Risk of Adverse Obstetric and Neonatal Outcomes by Maternal Age: Quantifying Individual and Population Level Risk Using Routine UK Maternity Data.


Oakley, L; Penn, N; Pipi, M; Oteng-Ntim, E; Doyle, P; (2016) Risk of Adverse Obstetric and Neonatal Outcomes by Maternal Age: Quantifying Individual and Population Level Risk Using Routine UK Maternity Data. PLoS One, 11 (10). e0164462. ISSN 1932-6203 DOI: https://doi.org/10.1371/journal.pone.0164462

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Abstract

The objective of this study was to investigate whether moderately increased maternal age is associated with obstetric and neonatal outcome in a contemporary population, and to consider the possible role of co-morbidities in explaining any increased risk. Secondary analysis of routinely collected data from a large maternity unit in London, UK. Data were available on 51,225 singleton deliveries (≥22 weeks) occurring to women aged ≥20 between 2004 and 2012. Modified Poisson regression was used to estimate risk ratios for the association between maternal age and obstetric and neonatal outcome (delivery type, postpartum haemorrhage, stillbirth, low birthweight, preterm birth, small for gestational age, neonatal unit admission), using the reference group 20-24 years. Population attributable fractions were calculated to quantify the population impact. We found an association between increasing maternal age and major postpartum haemorrhage (≥1000ml blood loss) (RR 1.36 95% CI 1.18-1.57 for age 25-29 rising to 2.41 95% CI 2.02-2.88 for age ≥40). Similar trends were observed for caesarean delivery, most notably for elective caesareans (RR 1.64 95% CI 1.36-1.96 for age 25-29 rising to 4.94 95% CI 4.09-5.96 for age ≥40). There was evidence that parity modified this association, with a higher prevalence of elective caesarean delivery in older nulliparous women. Women aged ≥35 were at increased risk of low birthweight and preterm birth. We found no evidence that the risk of stillbirth, small for gestational age, or neonatal unit admission differed by maternal age. Our results suggest a gradual increase in the risk of caesarean delivery and postpartum haemorrhage from age 25, persisting after taking into account maternal BMI, hypertension and diabetes. The risk of low birthweight and preterm birth was elevated in women over 35. Further research is needed to understand the reasons behind the high prevalence of elective caesarean delivery in nulliparous older mothers.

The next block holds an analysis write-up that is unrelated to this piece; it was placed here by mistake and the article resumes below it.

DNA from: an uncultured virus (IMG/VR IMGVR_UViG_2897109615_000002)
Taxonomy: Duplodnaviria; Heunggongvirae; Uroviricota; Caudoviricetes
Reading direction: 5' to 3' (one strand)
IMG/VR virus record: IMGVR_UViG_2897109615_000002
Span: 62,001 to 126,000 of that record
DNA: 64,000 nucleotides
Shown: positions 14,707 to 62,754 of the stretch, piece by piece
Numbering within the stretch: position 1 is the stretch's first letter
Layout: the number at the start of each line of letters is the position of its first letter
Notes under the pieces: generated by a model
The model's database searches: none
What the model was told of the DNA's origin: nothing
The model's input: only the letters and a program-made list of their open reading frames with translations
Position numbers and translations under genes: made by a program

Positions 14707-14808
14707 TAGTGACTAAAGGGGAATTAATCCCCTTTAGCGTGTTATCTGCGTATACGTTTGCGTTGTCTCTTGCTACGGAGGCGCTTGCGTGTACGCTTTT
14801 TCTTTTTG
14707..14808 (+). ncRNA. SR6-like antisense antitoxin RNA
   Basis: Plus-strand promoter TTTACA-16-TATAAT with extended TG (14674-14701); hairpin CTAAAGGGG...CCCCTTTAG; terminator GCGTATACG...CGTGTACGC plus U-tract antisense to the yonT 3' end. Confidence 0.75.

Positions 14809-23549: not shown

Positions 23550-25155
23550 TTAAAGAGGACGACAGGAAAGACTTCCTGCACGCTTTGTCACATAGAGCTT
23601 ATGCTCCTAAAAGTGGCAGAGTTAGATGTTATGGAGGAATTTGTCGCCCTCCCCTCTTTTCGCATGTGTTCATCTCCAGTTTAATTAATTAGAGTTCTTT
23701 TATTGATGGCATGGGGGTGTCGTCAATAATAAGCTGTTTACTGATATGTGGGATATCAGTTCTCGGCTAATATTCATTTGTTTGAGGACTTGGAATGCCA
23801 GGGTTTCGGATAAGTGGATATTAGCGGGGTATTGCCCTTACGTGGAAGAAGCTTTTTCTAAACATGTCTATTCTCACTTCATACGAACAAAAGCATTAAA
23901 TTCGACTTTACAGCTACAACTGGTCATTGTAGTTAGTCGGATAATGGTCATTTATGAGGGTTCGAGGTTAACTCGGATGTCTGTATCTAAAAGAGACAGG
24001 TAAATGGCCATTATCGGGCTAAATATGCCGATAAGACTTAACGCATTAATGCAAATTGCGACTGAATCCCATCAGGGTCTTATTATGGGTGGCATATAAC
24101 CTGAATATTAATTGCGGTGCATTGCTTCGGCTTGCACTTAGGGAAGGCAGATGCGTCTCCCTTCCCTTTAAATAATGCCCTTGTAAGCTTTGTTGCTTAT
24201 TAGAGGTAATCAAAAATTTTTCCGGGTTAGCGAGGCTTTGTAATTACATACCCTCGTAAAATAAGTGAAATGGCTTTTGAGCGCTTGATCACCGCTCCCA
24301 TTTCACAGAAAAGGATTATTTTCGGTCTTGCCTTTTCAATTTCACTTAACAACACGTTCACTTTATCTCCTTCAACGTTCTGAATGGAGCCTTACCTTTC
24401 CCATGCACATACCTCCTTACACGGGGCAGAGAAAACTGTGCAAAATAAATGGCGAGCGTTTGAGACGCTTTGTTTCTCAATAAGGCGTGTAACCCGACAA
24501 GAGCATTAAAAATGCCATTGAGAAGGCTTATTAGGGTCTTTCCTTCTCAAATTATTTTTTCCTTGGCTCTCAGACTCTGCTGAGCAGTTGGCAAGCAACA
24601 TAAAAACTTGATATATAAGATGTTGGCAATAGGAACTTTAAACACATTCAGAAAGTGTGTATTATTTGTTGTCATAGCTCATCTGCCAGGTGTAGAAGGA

Item Type: Article
Faculty and Department: Faculty of Epidemiology and Population Health > Dept of Non-Communicable Disease Epidemiology
PubMed ID: 27716789
Web of Science ID: 385698100056
URI: http://researchonline.lshtm.ac.uk/id/eprint/2997135

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